However, entrepreneurship as a skill set or as a resource of the society is different than any other resources in the society. Treating entrepreneurship development like any other developmental issues is likely to corrupt it and lose its value for the developmental sector, if not for the society. As Dr. Ernesto Sirolli, the world renowned entrepreneurship development consultant pointed out during his visit in Kathmandu last week, thousands of initiations by international donors in developing societies like Africa have done more damage than good despite their noble intentions. The major mistake made by the donors is to assume that they know better than the locals and patronize them. The follies made by international donors in developing societies of which Sirolli was once a part has given him a simple but difficult lesson to make economic development initiations more effective i.e. shut up and listen.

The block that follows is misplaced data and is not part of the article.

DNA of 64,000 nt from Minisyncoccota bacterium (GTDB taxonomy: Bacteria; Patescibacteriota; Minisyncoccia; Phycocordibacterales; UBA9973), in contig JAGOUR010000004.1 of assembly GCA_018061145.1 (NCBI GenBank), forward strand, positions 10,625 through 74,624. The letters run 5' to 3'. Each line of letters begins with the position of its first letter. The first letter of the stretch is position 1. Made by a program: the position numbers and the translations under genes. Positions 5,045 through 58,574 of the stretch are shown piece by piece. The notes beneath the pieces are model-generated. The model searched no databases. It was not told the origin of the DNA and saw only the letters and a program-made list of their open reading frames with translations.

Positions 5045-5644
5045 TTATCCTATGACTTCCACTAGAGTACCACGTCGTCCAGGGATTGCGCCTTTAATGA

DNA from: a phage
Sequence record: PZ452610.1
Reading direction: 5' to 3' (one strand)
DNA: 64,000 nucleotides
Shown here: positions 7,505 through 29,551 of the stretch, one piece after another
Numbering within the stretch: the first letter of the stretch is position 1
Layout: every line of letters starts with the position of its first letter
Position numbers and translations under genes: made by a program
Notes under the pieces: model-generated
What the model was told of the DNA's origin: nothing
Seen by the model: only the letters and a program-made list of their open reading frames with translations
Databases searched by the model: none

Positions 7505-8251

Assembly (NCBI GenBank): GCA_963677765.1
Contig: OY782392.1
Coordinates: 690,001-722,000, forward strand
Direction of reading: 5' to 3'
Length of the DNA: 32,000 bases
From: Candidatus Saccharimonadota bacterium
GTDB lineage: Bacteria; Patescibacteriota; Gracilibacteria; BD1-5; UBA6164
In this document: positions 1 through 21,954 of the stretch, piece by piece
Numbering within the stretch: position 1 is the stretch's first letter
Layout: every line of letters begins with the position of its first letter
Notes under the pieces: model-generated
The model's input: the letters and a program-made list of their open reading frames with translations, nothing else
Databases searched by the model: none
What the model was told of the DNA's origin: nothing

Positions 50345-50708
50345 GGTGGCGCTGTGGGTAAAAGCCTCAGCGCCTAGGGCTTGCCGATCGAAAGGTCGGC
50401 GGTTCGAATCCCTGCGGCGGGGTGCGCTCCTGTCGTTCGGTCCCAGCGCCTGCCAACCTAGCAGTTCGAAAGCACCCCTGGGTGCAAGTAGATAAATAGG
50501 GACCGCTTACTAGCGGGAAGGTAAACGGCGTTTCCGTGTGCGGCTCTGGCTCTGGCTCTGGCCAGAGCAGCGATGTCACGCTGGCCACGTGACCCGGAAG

Understanding the real problems

Unlike other issues, entrepreneurial journey is about innovating and taking risks to produce something of value to the society which in turn brings revenue to the enterprise and uplifts the living standard of the people involved. Entrepreneurship is not for everyone and even for those who aspire to be entrepreneurs, success is not guaranteed. Hence, entrepreneurship promotion is a job that requires detailed observation and continued support during the various stages of the entrepreneurial journey.